GRACosway Weekly Wrap Up: Tensions over dairy and drought
25 October 2019
- Monday’s Newspoll shows no change in the two-party preferred vote, with the Coalition leading Labor 51-49.
- The House of Representatives sat this week and the Senate held supplementary budget estimates.
- Home Affairs Minister Peter Dutton has reiterated that Australians situated in the al-Hawl refugee camp in northern Syria will not be extracted, stating any effort to do so would put Australian officials at risk.
- Following its gloomy economic forecast last week, the IMF has urged leaders to resolve trade tensions and pushed a “whatever it takes” approach to monetary policy to boost the global economy.
- CFMEU Secretary John Setka has been officially expelled from the Labor Party after he dropped a legal challenge against his expulsion during the week.
- A coalition of Australia’s major media companies launched the Your Right to Know campaign this week, calling for stronger protections for media freedom.
- Labor has threatened to refer Energy Minister Angus Taylor to the NSW police, alleging the Minister’s office supplied a forged document to the Daily Telegraph as part of a political attack against Sydney Lord Mayor Clover Moore. Minister Taylor has denied any wrongdoing.
It was another busy week in Canberra, with the House of Representatives sitting and the Senate holding supplementary budget estimates. PM Scott Morrison returned from Indonesia, where he was in attendance at Joko Widodo’s second inauguration as President and held talks about the Australia-Indonesia free trade agreement. In the House, the Government’s controversial ‘big-stick’ energy legislation passed with Labor’s support, although Energy Minister Angus Taylor said the laws were unlikely to ever be used. Labor has continued to face criticism from the union movement for backing the Coalition’s free-trade agreements, despite the Government making commitments designed to address some of the Opposition’s concerns in a bid to secure its support to pass enabling legislation.
The Nationals have this week hosed down rumours of a leadership spill against Deputy Leader Bridget McKenzie amid reports some Nationals MPs are concerned about her handling of the Agriculture portfolio. Senator McKenzie has reportedly come under fire from Nationals backbenchers for bringing forward the introduction of a dairy industry code of conduct in response to pressure from Senator Pauline Hanson. Reports suggest that Nationals MPs – who had lobbied for the introduction of the code – were frustrated by Senator McKenzie’s swift response to Senator Hanson’s demands. A number of Nationals MPs have defended the Deputy Leader, with Party Whip Damian Drum saying “This is nothing to do with Bridget McKenzie. This is all about One Nation getting credit for something they haven’t done.”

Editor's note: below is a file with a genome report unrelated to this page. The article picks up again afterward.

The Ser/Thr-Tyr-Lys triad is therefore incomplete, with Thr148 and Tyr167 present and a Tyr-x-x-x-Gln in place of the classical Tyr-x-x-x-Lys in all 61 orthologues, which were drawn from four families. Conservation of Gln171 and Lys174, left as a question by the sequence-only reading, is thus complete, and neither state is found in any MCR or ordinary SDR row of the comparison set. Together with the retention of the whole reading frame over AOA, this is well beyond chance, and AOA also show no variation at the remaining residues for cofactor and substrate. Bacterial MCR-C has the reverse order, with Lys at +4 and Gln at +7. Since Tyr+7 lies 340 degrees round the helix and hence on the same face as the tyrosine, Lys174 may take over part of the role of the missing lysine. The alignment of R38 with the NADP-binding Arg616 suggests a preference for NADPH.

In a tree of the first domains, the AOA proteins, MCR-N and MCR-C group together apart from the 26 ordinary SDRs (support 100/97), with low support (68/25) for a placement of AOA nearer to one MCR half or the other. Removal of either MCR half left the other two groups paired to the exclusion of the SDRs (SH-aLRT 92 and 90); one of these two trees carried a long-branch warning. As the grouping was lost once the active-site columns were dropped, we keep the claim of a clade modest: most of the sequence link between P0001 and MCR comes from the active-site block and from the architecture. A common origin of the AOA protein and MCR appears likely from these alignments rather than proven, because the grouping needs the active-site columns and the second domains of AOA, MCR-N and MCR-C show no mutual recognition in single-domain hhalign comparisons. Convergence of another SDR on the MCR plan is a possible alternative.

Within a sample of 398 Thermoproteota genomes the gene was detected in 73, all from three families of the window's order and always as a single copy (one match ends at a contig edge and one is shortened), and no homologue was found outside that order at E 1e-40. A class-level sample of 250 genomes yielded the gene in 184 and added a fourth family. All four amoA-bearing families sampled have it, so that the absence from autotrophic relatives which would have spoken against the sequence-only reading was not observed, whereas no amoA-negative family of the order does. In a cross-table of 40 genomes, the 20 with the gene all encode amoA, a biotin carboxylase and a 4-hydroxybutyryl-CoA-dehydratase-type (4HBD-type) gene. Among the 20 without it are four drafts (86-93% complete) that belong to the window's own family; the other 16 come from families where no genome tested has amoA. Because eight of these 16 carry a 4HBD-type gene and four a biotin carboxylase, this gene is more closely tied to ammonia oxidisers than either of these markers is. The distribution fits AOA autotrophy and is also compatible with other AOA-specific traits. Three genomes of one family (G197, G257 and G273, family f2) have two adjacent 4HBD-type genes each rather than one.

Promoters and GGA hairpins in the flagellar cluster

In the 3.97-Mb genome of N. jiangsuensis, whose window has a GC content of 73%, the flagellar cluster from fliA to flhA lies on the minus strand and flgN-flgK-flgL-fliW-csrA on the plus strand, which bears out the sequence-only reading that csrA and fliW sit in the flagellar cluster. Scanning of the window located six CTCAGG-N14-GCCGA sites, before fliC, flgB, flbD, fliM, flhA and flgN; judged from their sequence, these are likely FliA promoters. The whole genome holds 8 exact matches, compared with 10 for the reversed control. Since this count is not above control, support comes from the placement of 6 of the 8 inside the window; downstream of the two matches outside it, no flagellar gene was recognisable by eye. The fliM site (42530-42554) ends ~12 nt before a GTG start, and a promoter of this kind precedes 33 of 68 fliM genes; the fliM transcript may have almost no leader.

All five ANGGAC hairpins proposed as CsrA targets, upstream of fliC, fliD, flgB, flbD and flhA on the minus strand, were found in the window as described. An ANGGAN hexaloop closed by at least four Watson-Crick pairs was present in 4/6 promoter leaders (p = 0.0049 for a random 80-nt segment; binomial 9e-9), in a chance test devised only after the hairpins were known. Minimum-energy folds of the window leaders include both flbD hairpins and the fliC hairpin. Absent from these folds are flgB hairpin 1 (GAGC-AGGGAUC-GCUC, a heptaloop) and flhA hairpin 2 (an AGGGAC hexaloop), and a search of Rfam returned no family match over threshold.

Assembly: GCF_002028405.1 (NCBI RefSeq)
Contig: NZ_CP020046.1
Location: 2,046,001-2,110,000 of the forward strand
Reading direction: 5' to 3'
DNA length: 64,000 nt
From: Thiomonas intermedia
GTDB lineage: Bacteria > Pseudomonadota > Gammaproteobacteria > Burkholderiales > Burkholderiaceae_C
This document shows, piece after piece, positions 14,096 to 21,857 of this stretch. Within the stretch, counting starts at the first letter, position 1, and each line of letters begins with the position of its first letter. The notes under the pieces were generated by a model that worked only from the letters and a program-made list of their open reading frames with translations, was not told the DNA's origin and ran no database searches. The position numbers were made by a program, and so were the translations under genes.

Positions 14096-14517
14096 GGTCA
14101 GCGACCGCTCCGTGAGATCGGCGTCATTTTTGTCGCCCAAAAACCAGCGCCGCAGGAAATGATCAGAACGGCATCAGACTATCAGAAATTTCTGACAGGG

Drought has also been a source of tension within the Coalition this week, with some Nationals MPs warning the Government could lose the next election if it doesn’t deliver major drought funding before 2022. A group of Nationals have put forward a proposal to PM Scott Morrison for up to $1.2 billion in direct funding for drought-affected communities, however the plan was leaked without endorsement from Nationals Leader Michael McCormack. The National Farmers Federation has also pushed the Government to give farming families who have been hit by extended drought ‘exit packages’ to leave the land, as well as petitioning for further financial assistance, such as better access to income support and interest-free loans for farmers. However, former Nationals Leader Barnaby Joyce has dismissed the idea of exit packages, stating he’d prefer to support people in the drought rather than removing them from the farm. A drought stimulus plan is reportedly under consideration by Cabinet and could be announced as early as next week.
On Monday, Australia’s major newspapers ‘censored’ their front pages to launch the Your Right to Know campaign on press freedom. The campaign, backed by a coalition of Australia’s largest media organisations, is seeking support for six key reforms focused on decriminalising public interest journalism and securing greater protections for the media and whistleblowers. Prime Minister Scott Morrison said that while no one in Australia is above the law, journalists should not be prosecuted at the “whim of politicians”. Labor has used the campaign to criticise the Government and senior bureaucrats for deflecting and refusing to answer questions at Senate estimates hearings this week.